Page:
Outdoor Magazine

Outdoor Magazine Jan/Feb 2020

Widely regarded as Australia’s premier adventure magazine, Outdoor features human-powered experiences such as hiking, mountain biking and paddling; road trips and iconic destinations; as well as an array of technical features and how-to guides. It’s a respected brand with a rich heritage that captures the spirit of adventure through inspiring content, top-notch images and great practical tips.

Llegir Més
País:
Australia
Idioma:
English
Editor:
Adventures Group Holdings Pty Ltd
Periodicitat:
Quarterly
3,59 €(IVA inc.)
11,96 €(IVA inc.)
4 Números

en aquest número

2 min.
what’s on around australia

Trail running Jan 19 Perth Trail Series - Qi Gong Wungong Regional Park, WA Jan 26 Tamborine Mountain Relays & Marathon Tamborine Mountain, Qld Feb 1 Beerwah at Night Mt Beerwah, Qld Feb 1 Cradle Mountain Run Waldheim, Tas Feb 2 Kilcunda Half Marathon & George Bass Coastal Run Kilcunda, Vic Feb 2 Kunanyi Trail Series: Kunanyi Sunrise Mount Wellington, Tas Feb 7-9 Tassie Trail Fest Derby, Tas Feb 8 Australian Alpine Ascent Trail Run Perisher, NSW Feb 13-16 Oscars 100 Hut 2 Hut Challenge Mt Buller, Vic Feb 16 Coastal Ascent Merewether Beach, NSW Feb 19-23 Delirious W.E.S.T. Northcliffe, WA Feb 29-Mar 1 Baw Baw Trail Run Festival Baw Baw Alpine Resort, Vic 29 Feb Gone Nuts 101 Stanley, Tas Mar 1 Snowies Ultra Trail Run Festival Snowy Mountains, NSW Mar 7-9 Warburton Trail Fest Warburton, Vic Mar 13-14 Takayna Ultra & 22 Arthur River, Tas Mar 24 Trails'n'Ales Ultra Worsley, WA MTB Jan 24-26 Oceania Mountain Bike Championships Dunedin, New Zealand Feb 14-16 Snowies Mountain Bike Festival Snowy Mountains, NSW Feb 22-23 Otway Odyssey MTB Marathon Forrest, Vic Feb 23 Great Otway Gravel Grind Forrest, Vic Mar 1 James Williamson Enduro Challenge Wingello State Forest,…

3 min.
the best technology

THERE’S NOTHING like the birth of a child to focus one’s sense of purpose. Sitting, standing, pacing about, wringing hands together, thinking about a million things at once. This is what I found myself doing in the early hours of Sunday just past. Basically conducting a self-diagnostic review of everything I’d done up until that point in time. It’s just something that seemed to kick in. At the end of it all, I was a father, again, to another beautiful little girl. Both mum and new baby, thankfully, making it through the ordeal relatively unscathed. About 24 hours after this enormous personal experience, I sat down to write the introduction to this first issue for 2020. We decided months ago to focus on outdoor technology as a guiding tenet for this first…

2 min.
girraween national park: beyond drought

Three hours drive from Brisbane, nestled on the Queensland side of the border with New South Wales, is Girraween National Park. The park sits high on a plateau, known as the Granite Belt. It’s a region popular for locally produced wine, food and rambunctious, distinctively Queensland, country culture. As the images on this spread testify, the granite formations in the park are incredible. Beauty abounds despite the effects of Australia’s ongoing drought being evident everywhere. Drought is not new in Australian History. There are post-colonial records of severe drought stretching back as far as records have been kept. This land is resilient, and so are the people who seek to forge a livelihood here. Although undoubtedly severe, existentially terrible and a blight on productivity and livelihoods, why is a dry and…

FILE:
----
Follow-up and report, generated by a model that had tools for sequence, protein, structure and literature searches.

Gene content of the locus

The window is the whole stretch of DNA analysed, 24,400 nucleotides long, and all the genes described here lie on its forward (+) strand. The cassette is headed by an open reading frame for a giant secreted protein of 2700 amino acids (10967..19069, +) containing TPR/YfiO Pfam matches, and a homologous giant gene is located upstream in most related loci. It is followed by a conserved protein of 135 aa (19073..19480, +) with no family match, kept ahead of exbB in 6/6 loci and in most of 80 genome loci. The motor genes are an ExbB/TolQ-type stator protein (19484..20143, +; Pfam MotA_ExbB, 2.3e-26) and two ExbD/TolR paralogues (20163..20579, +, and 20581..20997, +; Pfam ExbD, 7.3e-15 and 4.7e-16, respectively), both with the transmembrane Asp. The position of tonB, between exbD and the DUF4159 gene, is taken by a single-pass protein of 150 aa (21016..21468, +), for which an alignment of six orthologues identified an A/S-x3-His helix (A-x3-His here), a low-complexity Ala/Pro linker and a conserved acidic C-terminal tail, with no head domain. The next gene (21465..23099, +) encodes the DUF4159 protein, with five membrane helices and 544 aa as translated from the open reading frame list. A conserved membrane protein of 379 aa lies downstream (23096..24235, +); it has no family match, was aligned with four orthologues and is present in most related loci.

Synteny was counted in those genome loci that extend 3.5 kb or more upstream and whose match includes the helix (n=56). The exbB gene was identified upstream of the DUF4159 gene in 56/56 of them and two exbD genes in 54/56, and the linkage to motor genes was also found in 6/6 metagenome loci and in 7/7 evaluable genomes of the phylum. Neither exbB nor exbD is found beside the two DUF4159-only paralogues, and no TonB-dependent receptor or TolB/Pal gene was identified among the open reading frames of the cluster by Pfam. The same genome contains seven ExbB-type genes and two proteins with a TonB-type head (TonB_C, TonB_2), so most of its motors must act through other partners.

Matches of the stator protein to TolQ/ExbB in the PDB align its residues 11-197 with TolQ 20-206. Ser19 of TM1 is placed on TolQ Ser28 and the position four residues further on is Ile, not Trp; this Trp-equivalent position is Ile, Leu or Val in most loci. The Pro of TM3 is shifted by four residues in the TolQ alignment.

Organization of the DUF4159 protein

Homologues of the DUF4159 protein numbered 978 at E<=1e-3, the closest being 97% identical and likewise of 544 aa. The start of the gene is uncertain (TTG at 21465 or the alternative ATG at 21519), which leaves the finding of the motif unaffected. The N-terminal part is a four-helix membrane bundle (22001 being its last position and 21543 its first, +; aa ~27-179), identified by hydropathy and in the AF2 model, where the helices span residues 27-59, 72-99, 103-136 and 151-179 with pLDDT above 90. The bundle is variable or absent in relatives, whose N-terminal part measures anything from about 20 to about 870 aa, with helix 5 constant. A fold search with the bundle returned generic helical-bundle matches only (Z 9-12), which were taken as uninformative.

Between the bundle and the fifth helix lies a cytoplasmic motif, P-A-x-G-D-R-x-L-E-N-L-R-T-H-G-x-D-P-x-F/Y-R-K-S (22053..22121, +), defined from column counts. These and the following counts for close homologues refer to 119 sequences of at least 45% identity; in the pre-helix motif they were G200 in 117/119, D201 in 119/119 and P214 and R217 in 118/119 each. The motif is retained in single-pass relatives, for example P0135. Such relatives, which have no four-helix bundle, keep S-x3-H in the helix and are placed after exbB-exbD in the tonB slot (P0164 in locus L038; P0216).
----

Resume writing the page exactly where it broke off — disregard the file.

2 min.
our castaway correspondents

DAVID CAULDWELL David's most memorable trip to date was a 10-day solo hike in the Isle of Skye, Scotland, an initiation of sorts where his feet aged like fine cheese. He's itching (not from all the midge bites) to soon disappear into the wilds of Patagonia or Canada, where he'd love to sit by a turquoise lake or watch a bear catch fish. MEGAN HOLBECK Megan is a Sydney-based writer constantly trying to squeeze adventure into her life. Currently her escapes are bite-sized – ocean swimming, camping, sailing, trail running and day walks. When not out and about, she loves to interview professional adventurers and gain a deeper understanding of their pursuits. LAURA WATERS Laura is a nature nomad with a passion for hiking, paddling, scuba diving and anything else in the great outdoors. A…

1 min.
trip logistics

No permit is necessary to trek the Dientes, and there’s no requirement to take a guide, although services are available in Puerto Williams. It is mandatory to report your plans to the local police, however, and to inform them of your safe return, otherwise they organise a search party of local volunteers to find your corpse. The original Clem Lindenmayer pamphlet is not widely available. Ask other travellers or at Shila (a tourism/hire office) and cross your fingers. A version of the route is also on maps.me, along with camp sites. It makes a good back-up resource but should not be relied on for primary navigation.…

1 min.
solitude befuddles the brain

MANY OF US harbour a desire to head off to a log cabin and enjoy a couple of months of solitude, uninterrupted by the whirring kaleidoscope of modern reality. Isolating oneself is something the philosophically-inclined do and it’s perceived as a way of finding much-needed ‘thinking time’. But a recent study has shed light on the effects that living in isolation, within a monotonous environment, can have on our brain structures. A study titled ‘Brain Changes in Response to Long Antarctic Expeditions’, published this December in the New England Journal of Medicine, found that researchers returned with slightly smaller brains after spending 14 months in Antarctica. They had been based at Neumayer Station III on the Ekström Ice Shelf, near the Weddell Sea. Familiar? One of the parts of the brain that…